NOW we can jump to Toy Fair 2012. I was told when the collector event would be and RSVP’d for myself and Heather Buckley. I made sure to express an interest in covering “Girl Toys” as well and since we had no problems doing so in previous years, we didn’t think twice about it. We hit the event, pushed through the throng of “geek reporters” using their iPhones as a camera to shoot the collector friendly figures and then made a B line for the room containing Barbie, Monster High and the like. Fellow writer/ photographer from Cool Toy Review, Dave Myatt, followed me in. We got a demo of Mattel’s newest kid-friendly electronic buddy and as I turned to shoot what was next, I had to grin as I faced a whole wall of new Monster High product. This is a line I was asked specifically by fans to shoot well and in great detail, and I was prepared to do just that. Little did I know, at that same moment further into the room, Dave was being taken by the arm like some child that mistakenly wandered into the back area of a magic show and was told to leave. I, on the other hand, must have been camouflaged within the group of women who were getting a presentation of the newest Monster High products and was allowed to take a handful of pictures as I talked to two nearby press reps who remembered me from some other event. Moments later, I was approached by Rachel Cooper, Manager of Public Relations, who put out her hand in a “Stop” motion as if I’d done something wrong and told me I did not belong there. I said clearly I did belong there, as her press reps know who I am! I wasn’t a stranger or a Sunday afternoon blogger who woke up one day, decided to cover the show and immediately thought I was entitled to the run of the place. I have been covering Toy Fair for over 10 years. I made an appointment and we were there…in the middle of it! She explained my place was back with the “collector press” in the other room. I explained I’d rather not be lumped with them, first off, as I cover far more than “boy’s toys”, and was asked specifically to cover this room and since we’d done so every year previous, I wasn’t sure what the problem was. At this point, two more PR reps joined the conversation, explaining that some reporter years back had ruined it for everyone when they went into a secret room and shot things they shouldn’t have. I laughed and insisted, again, that we shot EVERYTHING last year and no one had said BOO to us. In fact, it was that Barbie coverage that caused those fans to insist we shoot a ton of pictures this year. I was told I had to leave and make a NEW appointment just for that room. I laughed again and said if I leave, I will not get an appointment. Rachel assured me that if I knew my schedule at that moment, she would make a new appointment with me right then and there. We settled on 1pm on the last day of the show, and being the uber-Italian that I am, I made her shake on it.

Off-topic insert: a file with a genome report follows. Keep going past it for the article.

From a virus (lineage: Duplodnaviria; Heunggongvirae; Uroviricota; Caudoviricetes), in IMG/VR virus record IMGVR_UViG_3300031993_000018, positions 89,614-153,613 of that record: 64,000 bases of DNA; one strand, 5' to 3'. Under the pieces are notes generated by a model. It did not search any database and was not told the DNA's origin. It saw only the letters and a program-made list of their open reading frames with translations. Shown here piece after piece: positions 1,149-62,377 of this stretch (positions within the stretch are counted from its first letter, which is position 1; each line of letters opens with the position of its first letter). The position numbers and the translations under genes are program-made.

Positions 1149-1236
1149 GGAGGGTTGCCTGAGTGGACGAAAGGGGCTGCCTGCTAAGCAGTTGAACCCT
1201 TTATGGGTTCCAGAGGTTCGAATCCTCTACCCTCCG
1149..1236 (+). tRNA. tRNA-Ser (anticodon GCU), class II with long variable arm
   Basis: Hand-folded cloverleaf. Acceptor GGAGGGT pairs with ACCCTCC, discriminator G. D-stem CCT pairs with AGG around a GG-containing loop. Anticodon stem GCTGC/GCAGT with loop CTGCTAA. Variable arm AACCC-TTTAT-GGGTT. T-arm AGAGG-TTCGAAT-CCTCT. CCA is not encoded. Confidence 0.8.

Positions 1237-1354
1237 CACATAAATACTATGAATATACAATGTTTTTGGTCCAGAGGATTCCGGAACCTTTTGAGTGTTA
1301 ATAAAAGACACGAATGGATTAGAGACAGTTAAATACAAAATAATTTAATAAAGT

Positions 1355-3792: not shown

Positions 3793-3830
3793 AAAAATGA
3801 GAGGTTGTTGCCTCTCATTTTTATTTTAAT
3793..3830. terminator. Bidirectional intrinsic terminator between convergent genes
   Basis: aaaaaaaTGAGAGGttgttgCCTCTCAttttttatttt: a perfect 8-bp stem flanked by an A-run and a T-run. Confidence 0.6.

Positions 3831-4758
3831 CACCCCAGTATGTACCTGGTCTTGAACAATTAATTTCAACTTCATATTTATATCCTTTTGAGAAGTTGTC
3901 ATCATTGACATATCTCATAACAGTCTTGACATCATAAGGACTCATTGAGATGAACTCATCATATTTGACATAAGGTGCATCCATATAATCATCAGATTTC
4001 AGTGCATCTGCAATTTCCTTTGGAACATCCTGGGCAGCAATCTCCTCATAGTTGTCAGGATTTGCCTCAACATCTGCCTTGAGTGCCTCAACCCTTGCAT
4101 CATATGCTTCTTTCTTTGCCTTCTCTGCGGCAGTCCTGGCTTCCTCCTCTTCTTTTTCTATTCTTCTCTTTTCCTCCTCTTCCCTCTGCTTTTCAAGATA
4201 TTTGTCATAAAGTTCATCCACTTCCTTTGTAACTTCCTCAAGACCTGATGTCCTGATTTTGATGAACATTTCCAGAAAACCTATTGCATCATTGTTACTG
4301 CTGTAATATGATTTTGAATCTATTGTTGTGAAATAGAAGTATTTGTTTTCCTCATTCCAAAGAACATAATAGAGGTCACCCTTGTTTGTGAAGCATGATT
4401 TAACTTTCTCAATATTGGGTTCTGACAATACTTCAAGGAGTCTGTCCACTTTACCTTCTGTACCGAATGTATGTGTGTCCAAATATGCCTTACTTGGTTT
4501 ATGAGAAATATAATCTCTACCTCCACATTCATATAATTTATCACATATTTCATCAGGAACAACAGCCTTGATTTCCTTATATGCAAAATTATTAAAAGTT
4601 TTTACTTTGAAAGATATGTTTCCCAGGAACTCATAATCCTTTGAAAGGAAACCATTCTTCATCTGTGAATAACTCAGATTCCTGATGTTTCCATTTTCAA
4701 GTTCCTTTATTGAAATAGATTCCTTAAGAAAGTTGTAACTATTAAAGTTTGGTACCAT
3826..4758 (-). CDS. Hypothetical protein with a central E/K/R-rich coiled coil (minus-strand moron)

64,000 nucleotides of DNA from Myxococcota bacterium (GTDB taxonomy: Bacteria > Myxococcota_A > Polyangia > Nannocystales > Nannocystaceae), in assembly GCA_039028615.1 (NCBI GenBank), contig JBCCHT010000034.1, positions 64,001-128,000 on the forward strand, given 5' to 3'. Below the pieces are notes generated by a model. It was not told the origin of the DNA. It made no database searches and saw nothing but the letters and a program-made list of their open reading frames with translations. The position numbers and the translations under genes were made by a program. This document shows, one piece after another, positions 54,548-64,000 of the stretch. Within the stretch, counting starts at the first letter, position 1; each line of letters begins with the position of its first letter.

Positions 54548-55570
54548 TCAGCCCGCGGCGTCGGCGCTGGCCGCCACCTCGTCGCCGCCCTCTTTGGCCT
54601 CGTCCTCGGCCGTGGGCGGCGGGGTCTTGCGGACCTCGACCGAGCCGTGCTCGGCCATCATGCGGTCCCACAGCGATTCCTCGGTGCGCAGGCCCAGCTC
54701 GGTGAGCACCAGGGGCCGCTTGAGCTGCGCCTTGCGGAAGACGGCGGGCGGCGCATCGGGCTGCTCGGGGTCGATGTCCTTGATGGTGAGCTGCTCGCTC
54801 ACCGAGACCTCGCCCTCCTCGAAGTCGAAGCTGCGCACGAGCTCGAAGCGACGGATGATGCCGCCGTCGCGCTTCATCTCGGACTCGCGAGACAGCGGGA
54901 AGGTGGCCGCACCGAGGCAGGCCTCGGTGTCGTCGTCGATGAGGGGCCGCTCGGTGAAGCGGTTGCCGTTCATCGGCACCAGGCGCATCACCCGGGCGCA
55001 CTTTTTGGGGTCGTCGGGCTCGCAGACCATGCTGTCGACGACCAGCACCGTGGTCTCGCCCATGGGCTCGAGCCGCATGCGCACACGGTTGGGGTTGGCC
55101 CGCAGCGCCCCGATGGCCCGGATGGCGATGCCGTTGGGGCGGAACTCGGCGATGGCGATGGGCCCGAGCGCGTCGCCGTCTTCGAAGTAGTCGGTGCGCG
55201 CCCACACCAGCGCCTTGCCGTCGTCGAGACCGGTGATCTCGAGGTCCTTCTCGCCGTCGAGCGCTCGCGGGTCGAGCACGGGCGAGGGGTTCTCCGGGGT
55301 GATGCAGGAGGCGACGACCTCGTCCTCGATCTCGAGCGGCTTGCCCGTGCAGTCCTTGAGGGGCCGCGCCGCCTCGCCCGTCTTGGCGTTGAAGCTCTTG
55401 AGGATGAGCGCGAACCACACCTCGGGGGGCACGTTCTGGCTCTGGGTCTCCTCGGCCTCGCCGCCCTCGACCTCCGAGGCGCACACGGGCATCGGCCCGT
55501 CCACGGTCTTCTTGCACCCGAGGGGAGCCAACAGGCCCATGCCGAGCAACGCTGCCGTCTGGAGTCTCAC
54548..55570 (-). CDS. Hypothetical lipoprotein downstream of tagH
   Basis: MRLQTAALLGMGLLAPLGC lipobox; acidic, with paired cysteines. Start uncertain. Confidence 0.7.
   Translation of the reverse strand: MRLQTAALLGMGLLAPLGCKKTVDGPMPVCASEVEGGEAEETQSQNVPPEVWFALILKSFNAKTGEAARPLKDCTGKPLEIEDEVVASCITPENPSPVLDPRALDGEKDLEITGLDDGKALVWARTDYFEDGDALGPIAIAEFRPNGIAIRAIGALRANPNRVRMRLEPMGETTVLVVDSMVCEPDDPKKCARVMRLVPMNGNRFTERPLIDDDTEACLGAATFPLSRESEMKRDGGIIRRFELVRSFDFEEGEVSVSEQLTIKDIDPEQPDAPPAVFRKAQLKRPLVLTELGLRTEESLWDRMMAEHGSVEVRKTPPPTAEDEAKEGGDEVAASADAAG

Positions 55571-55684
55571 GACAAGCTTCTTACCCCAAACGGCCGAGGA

Now it is the last day of the show. I’m having a conversation with a friend from MTV Geek who tells me they had someone cover Monster High already, but he’d love a crack at them himself to assure MTV has the best coverage possible of this insanely popular line. In my mind, there was no way Mattel was going to deny MTV access along with me, who had a legit appointment, so off we went. Mind you, I had received an email from Rachel Cooper a day or so previous, stating my appointment was now 3pm. No apology for shifting the time and the inconveniences is causes in the middle of my very packed schedule, but it was important to me, so I made adjustments…again. All day I felt odd about it. My mind told me to show up at 1 just to make sure there would be no shenanigans. I calmed myself, stressing I had far more to cover beyond Mattel and stuck to my schedule. I did show up at Mattel with my MTV friend in tow, a half hour early, just to play it safe. The woman at the desk looked disappointed for me. “Oh Paul…your appointment was at 1! I’m afraid you missed it!” I insisted it was moved to 3 and repeatedly assured her I could pull it up on my phone to prove it. After all, we live in the future. I was told it was switched back and she showed me several arrows on the page proving the jerk around. I asked if they were in the habit of changing people’s appointments without telling them and she explained I was, indeed, informed. I laughed. This was not the case. I asked her to please go back and find me Rachel Cooper, with whom I made an appointment for this time. She returned minutes later looking very unhappy. “I’m very sorry. They say your appointment was at 1 and they are now packing everything up, so there is no way you could possibly shoot anything. I’m…very sorry.” My poor receptionist looked down sheepishly, expecting to be yelled at. I told her I don’t hold her responsible for this extremely unprofessional behavior, but I wanted to confirm she was indeed told to turn away someone with a legitimate appointment, accompanied by a reporter from MTV? She said yes. She was clearly not happy about it. I told her I was sorry she had to be the one on the receiving end of this, as Rachel could not be bothered to come out and tell me herself, but treating anyone like this was beyond unprofessional. I was shocked and angered beyond further words, but what can you do? I’m not the type of person who shoots the messenger just because they are there. Instead, this is my recourse.